Table of Contents
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- Web Resources
On Separate pages:
- Winter Hiking Resources
- New Hampshire Hiking Maps
- Links to Related Sites
Unless mentioned explicitly, information here applies to the normal hiking season, which extends roughly from Memorial Day to Columbus Day. Conditions in winter, and in the potentially equally dangerous late fall and early spring, are very different and require a completely different approach. Late spring is Mud Season, when there is a mixture of mud at lower elevations and melting snow at higher elevations, it leads to unpleasant hiking and to damaging erosion of trails.
Guidebooks and Maps
A serious hiker will want at least one good, comprehensive guide book for each region, together with a set of maps. I will mention the "official" guidebooks for each region, of course there are an enormous number of others. The Mountain Wanderer Bookstore is an excellent resource for those wanting a wider choice of books and maps.
For New Hampshire the essential guidebook is the White Mountain Guide published by the AMC. It describes every trail in the White Mountains, and gives distances and elevation gains, together with descriptions which are more useful to the hiker than those in most of the other guidebooks that I have seen. It has to be read carefully, often the vital information about steepness or other difficulty is in a single sentence. But if you read the description carefully you will rarely find any surprises on the trail.
Starting with the 26th Edition (published in 1998) a new set of maps, generated by using GPS on the entire trail system, is included. The maps that come with the book are printed on paper, a set of maps printed on Tyvec (very resistant to tearing and to water) is available separately. The maps published with earlier editions are much less good, if you have an earlier edition get at least the new maps.
The 26th edition also shows the elevations of all the points in the summary tables, this is essential information for those using an altimeter.
The 26th edition no longer includes information on most trails south of Rt 25. They are now covered in a new publication, the Southern New Hampshire Trail Guide. This comes with a map, produced like those of the White Mountain Guide, showing the trails on Mt. Monadnock on one side, and those on Mt. Cardigan on the other. The map included with the book is printed on paper, a Tyvec map is available separately.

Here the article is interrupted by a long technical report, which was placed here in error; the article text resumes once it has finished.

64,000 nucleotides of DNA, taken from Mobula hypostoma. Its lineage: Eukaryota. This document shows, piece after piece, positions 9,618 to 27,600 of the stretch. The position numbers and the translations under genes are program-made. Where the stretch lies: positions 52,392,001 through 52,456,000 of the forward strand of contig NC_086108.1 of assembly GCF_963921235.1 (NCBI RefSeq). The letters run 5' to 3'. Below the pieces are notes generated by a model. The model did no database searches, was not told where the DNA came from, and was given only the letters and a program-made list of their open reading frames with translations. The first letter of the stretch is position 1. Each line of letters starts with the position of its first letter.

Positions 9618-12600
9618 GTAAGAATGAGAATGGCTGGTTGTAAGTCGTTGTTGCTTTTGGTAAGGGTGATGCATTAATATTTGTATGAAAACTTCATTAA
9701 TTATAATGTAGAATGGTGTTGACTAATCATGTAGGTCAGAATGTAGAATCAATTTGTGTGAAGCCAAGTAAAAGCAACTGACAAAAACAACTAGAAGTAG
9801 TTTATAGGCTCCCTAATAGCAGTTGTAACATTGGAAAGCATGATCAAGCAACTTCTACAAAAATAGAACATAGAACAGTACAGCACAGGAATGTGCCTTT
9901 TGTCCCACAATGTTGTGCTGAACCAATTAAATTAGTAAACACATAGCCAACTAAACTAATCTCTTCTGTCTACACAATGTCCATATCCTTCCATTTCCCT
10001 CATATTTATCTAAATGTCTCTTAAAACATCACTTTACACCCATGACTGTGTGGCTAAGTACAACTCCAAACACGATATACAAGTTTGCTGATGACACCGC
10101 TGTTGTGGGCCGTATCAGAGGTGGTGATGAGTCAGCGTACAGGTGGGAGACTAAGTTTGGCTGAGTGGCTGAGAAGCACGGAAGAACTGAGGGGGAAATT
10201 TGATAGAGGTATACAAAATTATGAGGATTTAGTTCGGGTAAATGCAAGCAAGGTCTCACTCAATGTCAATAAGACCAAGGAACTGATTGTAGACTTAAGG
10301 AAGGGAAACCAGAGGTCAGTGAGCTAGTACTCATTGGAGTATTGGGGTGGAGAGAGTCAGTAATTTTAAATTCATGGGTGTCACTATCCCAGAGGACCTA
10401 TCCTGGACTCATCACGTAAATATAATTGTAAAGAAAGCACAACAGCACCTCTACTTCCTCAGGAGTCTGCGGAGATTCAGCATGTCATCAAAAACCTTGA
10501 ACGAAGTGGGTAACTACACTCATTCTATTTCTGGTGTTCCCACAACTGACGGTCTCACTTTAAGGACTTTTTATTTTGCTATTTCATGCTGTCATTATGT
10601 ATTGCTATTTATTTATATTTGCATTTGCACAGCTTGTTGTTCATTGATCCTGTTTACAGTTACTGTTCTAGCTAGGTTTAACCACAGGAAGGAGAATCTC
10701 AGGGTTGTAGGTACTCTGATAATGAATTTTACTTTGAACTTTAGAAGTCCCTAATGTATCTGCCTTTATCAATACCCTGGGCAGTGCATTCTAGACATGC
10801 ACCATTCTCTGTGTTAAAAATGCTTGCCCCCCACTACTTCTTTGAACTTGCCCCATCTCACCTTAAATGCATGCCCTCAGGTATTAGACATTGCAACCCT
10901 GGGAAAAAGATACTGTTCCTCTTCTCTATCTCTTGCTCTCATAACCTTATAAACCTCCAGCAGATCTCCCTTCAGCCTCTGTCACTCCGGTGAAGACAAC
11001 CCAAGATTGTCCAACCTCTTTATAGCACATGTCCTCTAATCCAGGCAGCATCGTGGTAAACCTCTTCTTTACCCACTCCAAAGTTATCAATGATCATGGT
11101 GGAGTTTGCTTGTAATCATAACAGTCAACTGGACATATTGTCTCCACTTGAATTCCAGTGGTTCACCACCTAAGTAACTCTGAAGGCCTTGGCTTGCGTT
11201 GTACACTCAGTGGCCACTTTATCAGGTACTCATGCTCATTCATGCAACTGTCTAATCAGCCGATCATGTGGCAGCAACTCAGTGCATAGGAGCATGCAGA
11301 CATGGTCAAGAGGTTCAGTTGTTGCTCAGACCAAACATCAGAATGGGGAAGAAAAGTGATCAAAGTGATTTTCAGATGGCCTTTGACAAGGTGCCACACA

The 4,000-Footers of the White Mountains, A Guide and History, by Steve Smith and Mike Dickerman, is a new book that will probably join the White Mountain Guide as an essential companion to serious hikers in the region. I have written a review of it for the Charles River Mud, the newsletter of the Boston chapter of the AMC.
There are several guidebooks that describe selected trails in more detail, with notes on the history and on the trees and birds encountered. You may wish to have one or more of them, I have found the following very interesting:
- Fifty Hikes in the White Mountains by Daniel and Ruth Doan.
- Fifty More Hikes in New Hampshire by Daniel and Ruth Doan.
- Ponds and Lakes of the White Mountains by Steven Smith.
One book that I pack with me when going to summits with good views is Brent Scudder's Scudder's White Mountain Viewing Guide. It gives detailed 360 degree panoramas for 43 peaks, together with some notes on how to get there, and a partial text description of the views.
The AMC maps are so good that it is difficult to justify purchasing other maps. Three that I use are:
- Delorme Trail Map and Guide to the WMNF which covers the entire White Mountains in one map, and is useful for seeing the "big picture" from summits.
- Mount Washington and the Heart of the Presidential Range, a very detailed and accurate map made by noted cartographer and mountaineer Bradford Washburn. A classic.
- Randolph Valley and the Northern Peaks of the Mount Washington Range by the Randolph Mountain Club (RMC). A beautiful and detailed map, the one I normally use when hiking in the Northern Presidentials. It is available either separately or with a guidebook, Randolph Paths, also produced by the RMC.
For a descrition of the many other maps that cover the White Mountains see my New Hampshire Hiking Maps page.Return to top
For Maine the essential guidebook is the AMC Maine
Mountain Guide published by the AMC. Trail descriptions are not
as detailed as those in the White Mountain Guide, but they
are fully adequate. Starting with the 8th Edition (1999)
there is a set of maps produced with GPS. The maps that come with
the guidebook are printed on paper, many peakbaggers will want to
purchase the separate Tyvec versions.
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For Vermont the essential guidebook is the Long Trail Guide published by the Green Mountain Club (GMC). The maps that come with the guide are not very detailed, many will want to get the two maps published by Map Adventures. The first is the Northern Vermont Hiking Trails, which map covers Mt. Mansfield, Camel's Hump and more. The second is Vermont and New Hampshire Hiking, which covers Killington, Abraham and Ellen, as well as other areas. The GMC also publishes a Trail Map of Mt. Mansfield.
All the Vermont Fours are covered in the Long Trail
Guide, but several of the peaks on the NE 100 Highest list are
not. These will be found described in the Day Hiker's Guide to
Vermont, also published by the GMC.
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